To better understand the historical pattern of sport participation in Japan, two active elderly groups—Masters athletes and senior university students—were compared. Research findings suggest that Masters athletes perceive sport as serious and competitive, and their previous sport participation leads directly to their sport participation in later life. On the other hand, senior university students are more likely to perceive sport as a playful leisure pursuit. For them, leaving and reentering sport is not uncommon. This paper presents eight possible patterns of lifelong sport and exercise participation that should be considered when designing marketing programs to recruit elderly participants, and when developing programs to meet the needs of a heterogeneous older population with a variety of beliefs, attitudes, and experiences in sport and exercise.
David J. Langley and Sharon M. Knight
The broad purpose of this paper is to contextualize the meaning and evolution of competitive sport participation among the aged by describing the life story of a senior aged participant. We used narrative inquiry to examine the integration of sport into the life course and continuity theory to examine the evolution of his life story. Continuity theory proposes that individuals are predisposed to preserve and maintain longstanding patterns of thought and behavior throughout their adult development. Based on this theory, we suggest that continuity in successful competitive sport involvement for this participant may represent a primary adaptive strategy for coping with the aging process. Successful involvement in sport appeared to mediate past and continuing patterns of social relationships, the development of personal identity, and a general propensity for lifelong physical activity.
Nili Steinberg, Roger Adams, Moshe Ayalon, Nadav Dotan, Shiri Bretter and Gordon Waddington
. The aim of the present study was to assess whether proprioceptive ability measured by ankle complex movement discrimination ability (in N-WB and WB positions) and by JPR (in N-WB position) was related to injury history and to sport participation level and to evaluate the relation between JPR ability
Susan E. Vail
Many sport organizations face the challenge of declining sport participation. Traditional methods of addressing this challenge such as promotional ads and top-down initiatives that ignore community needs have not succeeded in sustaining sport participation. This action research study assessed the impact of the building tennis communities model, a community development approach based on three key elements: identifying a community champion, developing collaborative partnerships, and delivering quality sport programming. Eighteen communities across Canada were supported by the national sport governing body, Tennis Canada, to participate in the study. Findings demonstrated that communities were able to identify a community champion and deliver quality programs that aimed to increase and sustain tennis participation; however, partnership building was implemented in a very preliminary and incomplete manner. Recommendations about the benefits of using a community development approach to not only increase sport participation but also develop communities through sport are presented with implications for researchers, policy makers, and practitioners.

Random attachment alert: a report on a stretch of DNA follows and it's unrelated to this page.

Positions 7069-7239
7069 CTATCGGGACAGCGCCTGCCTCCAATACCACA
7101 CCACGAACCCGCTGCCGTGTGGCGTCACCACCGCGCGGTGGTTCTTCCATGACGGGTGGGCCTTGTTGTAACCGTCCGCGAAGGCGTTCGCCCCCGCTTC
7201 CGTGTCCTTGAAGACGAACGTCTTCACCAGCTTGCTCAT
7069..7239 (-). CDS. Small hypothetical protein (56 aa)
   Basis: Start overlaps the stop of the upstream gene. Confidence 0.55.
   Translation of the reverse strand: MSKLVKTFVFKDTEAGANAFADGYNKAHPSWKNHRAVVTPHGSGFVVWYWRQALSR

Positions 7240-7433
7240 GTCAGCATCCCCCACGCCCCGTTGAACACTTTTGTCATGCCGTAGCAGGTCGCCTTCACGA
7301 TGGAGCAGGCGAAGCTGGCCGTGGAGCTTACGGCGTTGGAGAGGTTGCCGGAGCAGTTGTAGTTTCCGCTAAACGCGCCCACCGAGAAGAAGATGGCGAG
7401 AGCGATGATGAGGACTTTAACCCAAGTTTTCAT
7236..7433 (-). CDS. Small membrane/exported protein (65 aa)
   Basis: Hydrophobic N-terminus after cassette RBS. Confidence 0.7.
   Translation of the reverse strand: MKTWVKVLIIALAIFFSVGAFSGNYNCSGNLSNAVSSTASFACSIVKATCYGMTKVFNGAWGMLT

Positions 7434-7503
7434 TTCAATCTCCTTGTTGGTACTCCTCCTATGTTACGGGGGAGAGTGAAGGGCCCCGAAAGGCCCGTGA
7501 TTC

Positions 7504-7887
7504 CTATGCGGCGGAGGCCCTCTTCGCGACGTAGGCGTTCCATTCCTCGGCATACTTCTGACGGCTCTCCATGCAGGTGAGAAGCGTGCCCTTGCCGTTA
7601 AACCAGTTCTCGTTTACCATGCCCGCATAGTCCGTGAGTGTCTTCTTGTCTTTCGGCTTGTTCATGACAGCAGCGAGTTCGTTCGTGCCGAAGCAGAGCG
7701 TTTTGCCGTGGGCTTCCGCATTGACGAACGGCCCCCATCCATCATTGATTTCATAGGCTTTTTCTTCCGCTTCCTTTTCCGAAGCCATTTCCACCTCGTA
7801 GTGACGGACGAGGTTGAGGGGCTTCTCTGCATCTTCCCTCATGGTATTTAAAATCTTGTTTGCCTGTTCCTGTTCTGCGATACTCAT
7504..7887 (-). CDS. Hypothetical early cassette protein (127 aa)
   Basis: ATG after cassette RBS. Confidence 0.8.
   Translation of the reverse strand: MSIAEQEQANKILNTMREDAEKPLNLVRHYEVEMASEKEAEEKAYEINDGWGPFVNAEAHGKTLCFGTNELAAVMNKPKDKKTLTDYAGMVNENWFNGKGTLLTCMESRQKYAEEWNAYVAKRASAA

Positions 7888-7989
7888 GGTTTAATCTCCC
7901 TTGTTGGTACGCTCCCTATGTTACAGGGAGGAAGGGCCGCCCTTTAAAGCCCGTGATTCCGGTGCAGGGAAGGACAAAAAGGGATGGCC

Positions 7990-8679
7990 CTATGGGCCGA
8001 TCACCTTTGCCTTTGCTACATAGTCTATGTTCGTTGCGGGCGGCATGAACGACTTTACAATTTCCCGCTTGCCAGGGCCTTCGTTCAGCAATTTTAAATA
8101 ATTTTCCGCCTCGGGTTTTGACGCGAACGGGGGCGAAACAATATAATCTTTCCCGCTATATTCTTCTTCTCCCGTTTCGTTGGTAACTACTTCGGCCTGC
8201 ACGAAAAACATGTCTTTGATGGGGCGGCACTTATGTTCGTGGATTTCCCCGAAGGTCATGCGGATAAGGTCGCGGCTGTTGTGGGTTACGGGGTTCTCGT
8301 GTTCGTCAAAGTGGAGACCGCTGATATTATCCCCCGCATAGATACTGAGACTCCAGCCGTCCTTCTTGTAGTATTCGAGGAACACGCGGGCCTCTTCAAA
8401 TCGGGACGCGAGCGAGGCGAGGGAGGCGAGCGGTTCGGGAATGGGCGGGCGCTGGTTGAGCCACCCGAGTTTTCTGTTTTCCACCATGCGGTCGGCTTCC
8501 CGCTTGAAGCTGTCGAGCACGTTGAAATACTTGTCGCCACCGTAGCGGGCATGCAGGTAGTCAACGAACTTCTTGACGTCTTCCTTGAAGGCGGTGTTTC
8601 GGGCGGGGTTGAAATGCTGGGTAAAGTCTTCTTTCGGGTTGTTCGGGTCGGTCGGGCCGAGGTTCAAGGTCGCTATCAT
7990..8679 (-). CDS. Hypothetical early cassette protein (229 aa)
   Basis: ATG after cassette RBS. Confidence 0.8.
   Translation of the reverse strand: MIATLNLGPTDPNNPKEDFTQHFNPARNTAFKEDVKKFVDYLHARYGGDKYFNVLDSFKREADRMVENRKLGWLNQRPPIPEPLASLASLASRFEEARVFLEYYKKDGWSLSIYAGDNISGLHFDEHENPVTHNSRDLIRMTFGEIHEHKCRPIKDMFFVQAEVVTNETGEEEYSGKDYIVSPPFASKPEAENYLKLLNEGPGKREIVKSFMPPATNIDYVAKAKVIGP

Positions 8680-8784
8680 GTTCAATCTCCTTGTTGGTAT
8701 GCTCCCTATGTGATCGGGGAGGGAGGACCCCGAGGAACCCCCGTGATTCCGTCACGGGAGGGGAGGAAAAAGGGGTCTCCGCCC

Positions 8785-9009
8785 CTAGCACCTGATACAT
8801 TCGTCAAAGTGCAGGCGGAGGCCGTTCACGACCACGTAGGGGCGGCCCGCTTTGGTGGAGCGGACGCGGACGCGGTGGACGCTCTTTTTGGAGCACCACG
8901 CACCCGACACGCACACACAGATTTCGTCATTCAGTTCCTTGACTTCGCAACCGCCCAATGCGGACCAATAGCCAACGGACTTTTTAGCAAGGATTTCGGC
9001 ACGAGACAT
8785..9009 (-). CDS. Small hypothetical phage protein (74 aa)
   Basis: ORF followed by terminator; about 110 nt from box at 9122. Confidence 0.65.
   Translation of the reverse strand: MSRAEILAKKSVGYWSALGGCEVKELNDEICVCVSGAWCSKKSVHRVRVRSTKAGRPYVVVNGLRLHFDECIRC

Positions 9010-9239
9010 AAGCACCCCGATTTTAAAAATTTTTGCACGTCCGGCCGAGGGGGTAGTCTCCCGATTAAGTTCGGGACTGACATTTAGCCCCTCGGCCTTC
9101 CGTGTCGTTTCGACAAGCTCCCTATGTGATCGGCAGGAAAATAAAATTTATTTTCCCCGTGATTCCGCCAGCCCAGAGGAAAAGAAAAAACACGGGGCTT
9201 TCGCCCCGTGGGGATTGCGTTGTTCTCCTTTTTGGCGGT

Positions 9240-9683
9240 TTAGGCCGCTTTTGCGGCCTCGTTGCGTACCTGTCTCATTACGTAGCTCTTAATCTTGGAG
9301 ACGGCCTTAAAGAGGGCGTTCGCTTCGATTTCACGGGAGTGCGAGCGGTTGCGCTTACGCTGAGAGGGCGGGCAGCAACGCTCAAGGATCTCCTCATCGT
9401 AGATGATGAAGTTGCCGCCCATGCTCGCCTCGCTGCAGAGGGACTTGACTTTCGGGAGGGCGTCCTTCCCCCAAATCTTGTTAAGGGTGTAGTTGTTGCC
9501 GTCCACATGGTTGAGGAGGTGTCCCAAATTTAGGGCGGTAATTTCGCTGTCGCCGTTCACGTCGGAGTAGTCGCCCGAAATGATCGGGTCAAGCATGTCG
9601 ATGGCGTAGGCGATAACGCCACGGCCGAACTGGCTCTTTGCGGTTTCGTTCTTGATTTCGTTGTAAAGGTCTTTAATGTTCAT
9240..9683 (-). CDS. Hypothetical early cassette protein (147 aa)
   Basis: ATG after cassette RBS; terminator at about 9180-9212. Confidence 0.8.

As is well known among sport sociologists, opportunities for sport participation are not equal across different socio-economic status (SES) groups, with research showing that adults with high SES participate in sport more than those with low SES ( Canadian Fitness & Lifestyle Research Institute
Aysha M. Thomas, Kayleigh M. Beaudry, Kimbereley L. Gammage, Panagiota Klentrou and Andrea R. Josse
interventions. Therefore, the aims of the present study were (1) to examine the changes in the total amount, frequency, and type of PA and sport participation among Canadian first-year male and female university students and (2) to examine the factors that promote or dissuade PA and sport engagement among these
Joseph P. Winnick
A continuum for sport participation is depicted and contrasted for guiding decisions on sport participation based upon integration, and for facilitating provision of innovative experiences along the continuum. The continuum ranges from regular sport with no modifications to segregated adapted sport.
Lauren A. Gardner, Christopher A. Magee and Stewart A. Vella
, 6 Two frequently used proxy measures are enjoyment and behavioral intentions, 7 , 8 but the validity of these as predictors of participation and dropout behavior over time is not known. In this study, we investigate whether enjoyment and behavioral intentions translate to sport participation and
Jen D. Wong, Julie S. Son, Stephanie T. West, Jill J. Naar and Toni Liechty
researchers that they wanted their stories told, and many expressed pride in their sport participation. This study named the people and place in the effort to “emphasize connections among people, places, and events to highlight the systems of relationships and processes of articulation that produce boundaries
Caterina Pesce, Ilaria Masci, Rosalba Marchetti, Giuseppe Vannozzi and Mirko Schmidt
spent 113±103 weekly minutes in after-school sports training. In view of a previous study that has tested potential differences in sport participation between groups of various degrees of veridical self-perception ( De Meester, Maes et al., 2016 ), an a priori power analysis was performed with power (1